What’s inside those “sculpted spaces of dark intimacy”
A reluctant old coach trains a not so young woman, turning her, for good and ill, into the boxing champion that both knew she could become. But here the play is not the thing.
The settings, the era, and the characters may change, but in every film Clint Eastwood directs we see the same urge to recreate a world, to compose frames where shadow lighting sculpts spaces of dark intimacy, allowing a brief corps à corps.
Since he’s begun directing (staging) himself, Eastwood has put at the heart of each film the man-woman relationship: lovers, husbands and wives, and fathers and daughters. A world separates the characters he has played for other directors from those he has chosen for himself. His body now is like an old tree, no longer lean but gaunt, his scratchy voice now so thin as to be almost inaudible. For 30 years, directors used that body to incarnate the archetypal man, the man without a name, family, or origin, and to define relations between men, competitive, violent, western, the man who eliminated all possible form of masculine competition. Can it be a coincidence that Clint Eastwood is an anagram for Old West Action?
When he first picked up the camera in 1971, although the violence lingered for awhile, the struggle became man against woman — Play Misty for Me (right), or die. It’s unsurprising that his favorite movie is The Beguiled, directed by his mentor Don Siegel, which sets one man (Clint) against a tribe of women. The Lawrencian-style wrestle between man and man, the subject of the films in which he merely acted, seems simple compared with the larger exploration of the often seemingly impossible relationships between men and women: the husband (doomed); lover (abandoned); father (inept); children (resentful). There lies the real challenge, which takes a lifetime, or at least a whole movie, to comprehend and overcome. As a director he’s approached this gulf with verisimilitude, usually through substitution: the stand-in husband in The Bridges of Madison County and many other films; the symbolic head of the “family” in Bronco Billy and The Outlaw Josey Wales, and here, in Million Dollar Baby, the surrogate father. His body has become a discourse in itself, with his pelvis thrusting forward, torso thickening, arms too heavy to fight and too muscled to embrace.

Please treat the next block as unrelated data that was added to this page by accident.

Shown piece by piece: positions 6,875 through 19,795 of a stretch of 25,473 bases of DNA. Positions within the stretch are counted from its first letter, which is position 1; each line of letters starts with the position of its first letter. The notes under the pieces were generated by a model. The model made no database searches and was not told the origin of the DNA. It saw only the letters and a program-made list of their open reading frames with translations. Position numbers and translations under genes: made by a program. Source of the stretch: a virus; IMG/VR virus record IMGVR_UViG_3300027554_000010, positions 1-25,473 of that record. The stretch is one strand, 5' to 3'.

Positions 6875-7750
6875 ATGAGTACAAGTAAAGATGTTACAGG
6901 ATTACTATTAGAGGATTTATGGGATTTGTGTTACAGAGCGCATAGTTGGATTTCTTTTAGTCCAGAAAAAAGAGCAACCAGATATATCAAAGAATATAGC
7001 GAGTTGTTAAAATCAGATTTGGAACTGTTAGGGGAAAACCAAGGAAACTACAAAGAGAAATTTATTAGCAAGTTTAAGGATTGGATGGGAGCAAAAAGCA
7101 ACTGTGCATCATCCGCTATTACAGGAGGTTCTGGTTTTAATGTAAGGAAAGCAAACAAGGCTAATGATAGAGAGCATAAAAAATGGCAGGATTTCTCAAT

In Million Dollar Baby, the hole left by the unexplained absence of Frankie’s (Eastwood) daughter is filled by Maggie (Hilary Swank). His initial reluctance (“I don’t train girls”) owes more to a subconscious fear of fathering again than to any professional misgiving, as seen in his vocabulary changes from “girl” to “you’re a good daughter.” She’s a child/woman of 32 whose legs shake when she sits in the corner and who smashes all the adversaries (toys) her father buys for her. “You’re my blood,” he inscribes on her body from the beginning (on her boxing robe). He sits close by with his Yeats (a touchstone for Eastwood) as doctors work on her bleeding nose, the way he might have on his child’s skinned knees. He reads, perhaps:
My dear, my dear, I know,
More than another,
What makes your heart beat so.
Not even your own mother
Can know it as I know . . .
And murmur name upon name,
As a mother names her child,
When sleep at last has come,
To limbs that had run wild.
Eastwood explores the bonds continually tied and untied between men and women, and the attempt to reconcile family and professional life. That he draws from the well of his life is clear since so often his main characters are themselves artists, whose professional life can be more private than their family life, making the conflict even more acute: the photographer in Madison County, the musician in Honky Tonk Man (surely he would have wished to play the lead in Bird), the director in White Hunter, Black Heart, the boxing guru in Million Dollar Baby, and even the legendary killer in Unforgiven. In all these movies, the conflict between the creator and the people around him leads to self-destruction (often by alcohol) or the destruction of the family, or of the creation.
Maggie is both family and creation, but it’s not making her a boxer that destroys her but making her his daughter. It’s when she looks prematurely for his approval that she forgets to protect herself, and, as with the family in Josey Wales and the mother in Unforgiven, and many more, blood ties engender bloodshed. Eddie’s (Morgan Freeman) plea that, unlike most people, she “got her shot” (she can die because she has already lived), might console the coach but never the father. Why give life at all (why make her a boxing champion) if it means to father death as well? A father could not measure life by intensity rather than duration. Slowly, Frankie overcomes his instinct to keep Maggie alive, even if entombed in a broken body. When Frankie administers the coup de grâce (the creator taking away what he has made), we understand that Eddie’s narration is a letter to Frankie’s real daughter to tell her how he yearned to be a real father. He has become one by accepting this heavy sin and, as the priest had warned, is now lost forever. As in Madison County , Unforgiven, etc. his character can only disappear at the end of the reel through a curtain of mist. Character and film end in the same movement, the creator merges into his creation, and the reading of the letter stops where its writing had started.
“A tall, quiet American,” John Malkovich said of him, who with each film seems even taller and quieter.